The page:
Archive for the 'misunderstandings' Category

Layers of divinity

September 26, 2014

My sense of the spiritual world is that there are what we could call layers and that the highest layer is what some people would call God or Dis or Source.  The essence of the highest layer I think permeates through all the succeeding layers, including into our own, into our material world and into ourselves.  I think it’s very difficult for a human to comprehend the highest level.  I think when we try to, we often resort to coloring it with imagery that brings it down to a lower level.

I may have written this before, but I want to say that what Jesus was trying to say could be taken to be about mistaking the “son” for the “father,” about mistaking one layer for another, about mistaking a “personal God” with anthropomorphic characteristics for the highest layer.  The father-son concept would then be a metaphor for how there is connection between the layers.  Encouraging people to fall in love with a being they could identify with even more than with a more abstract concept could be a way of trying to help people who have trouble achieving spiritual union find the emotional posture to do so.

But the “father layer,” in my view, is not the ultimate layer.  I think Christianity conceptualizes that it is the ultimate layer.  I think a “father layer” is also, and too much, dependent on the person’s need to relate to a being who can be related to in human terms.

I wonder if the teachings got misunderstood.  I would take the father-son idea and the idea of accessing the father through relationship with the son as ways to help achieve spiritual union, but which need to be replicated up the chain through the layers of the spiritual realm to the more abstract layers.

As always, take what you like and leave the rest.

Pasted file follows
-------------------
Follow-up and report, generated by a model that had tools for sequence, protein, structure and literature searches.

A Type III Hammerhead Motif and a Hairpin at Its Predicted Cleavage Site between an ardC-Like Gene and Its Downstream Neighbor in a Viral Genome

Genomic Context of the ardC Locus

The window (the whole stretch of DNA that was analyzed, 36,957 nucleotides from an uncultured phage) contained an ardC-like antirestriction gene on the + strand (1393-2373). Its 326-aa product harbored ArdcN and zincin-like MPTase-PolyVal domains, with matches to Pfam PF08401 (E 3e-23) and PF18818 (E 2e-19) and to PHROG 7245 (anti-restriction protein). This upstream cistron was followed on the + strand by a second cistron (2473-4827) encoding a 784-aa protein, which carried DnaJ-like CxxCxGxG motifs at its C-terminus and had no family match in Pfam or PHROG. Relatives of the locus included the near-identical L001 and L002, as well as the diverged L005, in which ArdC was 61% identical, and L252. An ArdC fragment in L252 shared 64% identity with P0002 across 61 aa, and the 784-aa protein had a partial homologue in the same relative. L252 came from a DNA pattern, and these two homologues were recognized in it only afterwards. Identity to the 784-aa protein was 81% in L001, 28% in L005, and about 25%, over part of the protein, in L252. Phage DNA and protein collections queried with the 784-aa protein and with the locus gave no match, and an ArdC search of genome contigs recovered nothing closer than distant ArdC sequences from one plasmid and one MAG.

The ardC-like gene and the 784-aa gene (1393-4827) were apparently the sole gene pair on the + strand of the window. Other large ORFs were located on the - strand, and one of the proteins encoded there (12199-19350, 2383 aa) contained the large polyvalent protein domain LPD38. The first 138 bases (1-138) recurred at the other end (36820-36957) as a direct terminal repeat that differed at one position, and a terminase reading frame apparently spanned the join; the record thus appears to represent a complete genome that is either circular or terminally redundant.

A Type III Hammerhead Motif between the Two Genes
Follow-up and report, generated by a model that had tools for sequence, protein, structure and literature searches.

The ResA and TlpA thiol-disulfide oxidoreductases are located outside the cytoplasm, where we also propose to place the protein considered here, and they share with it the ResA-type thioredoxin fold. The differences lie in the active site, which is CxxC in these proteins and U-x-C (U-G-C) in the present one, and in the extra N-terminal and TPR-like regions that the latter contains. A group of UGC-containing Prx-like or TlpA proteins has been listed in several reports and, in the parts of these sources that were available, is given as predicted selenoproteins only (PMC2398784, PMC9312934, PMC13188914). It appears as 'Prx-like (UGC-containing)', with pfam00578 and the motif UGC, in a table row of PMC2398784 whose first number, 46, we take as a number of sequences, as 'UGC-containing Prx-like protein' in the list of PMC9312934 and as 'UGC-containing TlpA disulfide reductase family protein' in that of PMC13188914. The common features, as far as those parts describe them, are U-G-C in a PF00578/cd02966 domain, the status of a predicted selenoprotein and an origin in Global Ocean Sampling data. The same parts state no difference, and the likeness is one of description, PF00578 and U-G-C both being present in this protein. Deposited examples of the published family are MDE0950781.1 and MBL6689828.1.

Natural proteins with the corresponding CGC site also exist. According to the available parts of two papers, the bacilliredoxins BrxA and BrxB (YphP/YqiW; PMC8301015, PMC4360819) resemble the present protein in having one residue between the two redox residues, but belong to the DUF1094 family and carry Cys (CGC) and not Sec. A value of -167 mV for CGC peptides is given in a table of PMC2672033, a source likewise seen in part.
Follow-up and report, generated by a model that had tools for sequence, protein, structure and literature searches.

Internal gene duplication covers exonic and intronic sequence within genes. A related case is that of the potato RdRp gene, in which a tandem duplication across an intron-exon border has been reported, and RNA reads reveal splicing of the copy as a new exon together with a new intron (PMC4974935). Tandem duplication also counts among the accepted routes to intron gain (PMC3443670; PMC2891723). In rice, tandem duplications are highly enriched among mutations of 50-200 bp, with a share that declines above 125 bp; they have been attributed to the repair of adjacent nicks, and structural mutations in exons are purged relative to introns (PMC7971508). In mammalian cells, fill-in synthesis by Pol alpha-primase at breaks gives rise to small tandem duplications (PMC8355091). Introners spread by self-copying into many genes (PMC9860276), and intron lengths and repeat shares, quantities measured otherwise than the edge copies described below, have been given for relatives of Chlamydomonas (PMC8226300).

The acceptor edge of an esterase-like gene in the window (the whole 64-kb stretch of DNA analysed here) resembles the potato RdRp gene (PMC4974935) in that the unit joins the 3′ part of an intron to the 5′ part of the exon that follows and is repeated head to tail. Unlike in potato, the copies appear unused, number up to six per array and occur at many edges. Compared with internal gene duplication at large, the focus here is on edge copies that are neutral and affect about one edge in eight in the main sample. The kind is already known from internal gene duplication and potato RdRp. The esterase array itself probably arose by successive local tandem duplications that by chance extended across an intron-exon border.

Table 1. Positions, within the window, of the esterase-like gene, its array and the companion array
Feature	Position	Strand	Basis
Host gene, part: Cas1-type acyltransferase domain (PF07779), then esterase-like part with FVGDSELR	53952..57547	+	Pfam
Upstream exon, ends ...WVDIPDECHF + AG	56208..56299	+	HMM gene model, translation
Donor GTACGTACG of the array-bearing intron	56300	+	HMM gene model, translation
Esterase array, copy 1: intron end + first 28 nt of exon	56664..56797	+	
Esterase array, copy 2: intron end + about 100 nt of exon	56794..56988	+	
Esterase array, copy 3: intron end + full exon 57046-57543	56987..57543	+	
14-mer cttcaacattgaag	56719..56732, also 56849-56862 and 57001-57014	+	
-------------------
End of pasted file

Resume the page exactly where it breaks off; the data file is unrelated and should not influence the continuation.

I wrote this after reading Father Rohr’s Daily Meditation for today.

Letting it pass through you

June 22, 2014

Sometimes during an argument, the other person hurls an insult.  I don’t know how it is for biological parents, but adoptive parents sometimes get from their children during the heat of an argument, “You’re not even my real mother.”  And you take it for what it is, part clumsy expression of fact (that I am not their first mother), part expression of pain and frustration (maybe even powerlessness), part attempt to penetrate their opponent’s defenses.  And you let it pass through you.

The relationship, as I see it, between addiction and spiritual connection is that some people are open in some ways and not in others, and they prematurely encounter a spiritual equivalent to “You’re not even my real mother.”  It may well be that “boundaries, strong identity, impulse control, and deep God experience” were lacking (that’s from today’s Daily Meditation from Father Rohr), but I think those are secondary to the problem of encountering a difficult wave of spiritual energy while, on the one hand, not being simple and  innocent enough (to allow it to pass through naturally), and, on the other hand, not being spiritually (re-)developed enough (to allow it to pass through consciously), either.  I think the addiction comes from the dynamic of the energy encountered — it is an energy that offers a rush of pleasure but at a very high long-term cost.  Very innocent people I think never get caught up in the energy because they are oblivious to it, but people with a little less innocence may stop to take a look, to see what it is, maybe they even try to resist the energy or tussle with it, or maybe they become frightened by it.  In any case, they interact with it instead of letting it pass through them.  Without a really well developed capacity for removing the ego from that encounter, the person becomes sucked into a cycle of succumbing to short-term pleasure and long-term pain.  To get out of that dynamic, one has to remove one’s “hang-ups” and learn detachment, and those are helpful things in their own right.  That’s why in Al-Anon, the program for relatives and friends of alcoholics, one sometimes hears gratitude expressed for having gone on the journey of growth that the alcoholism of another has impelled them to go on — it can be a painful means to a very helpful result.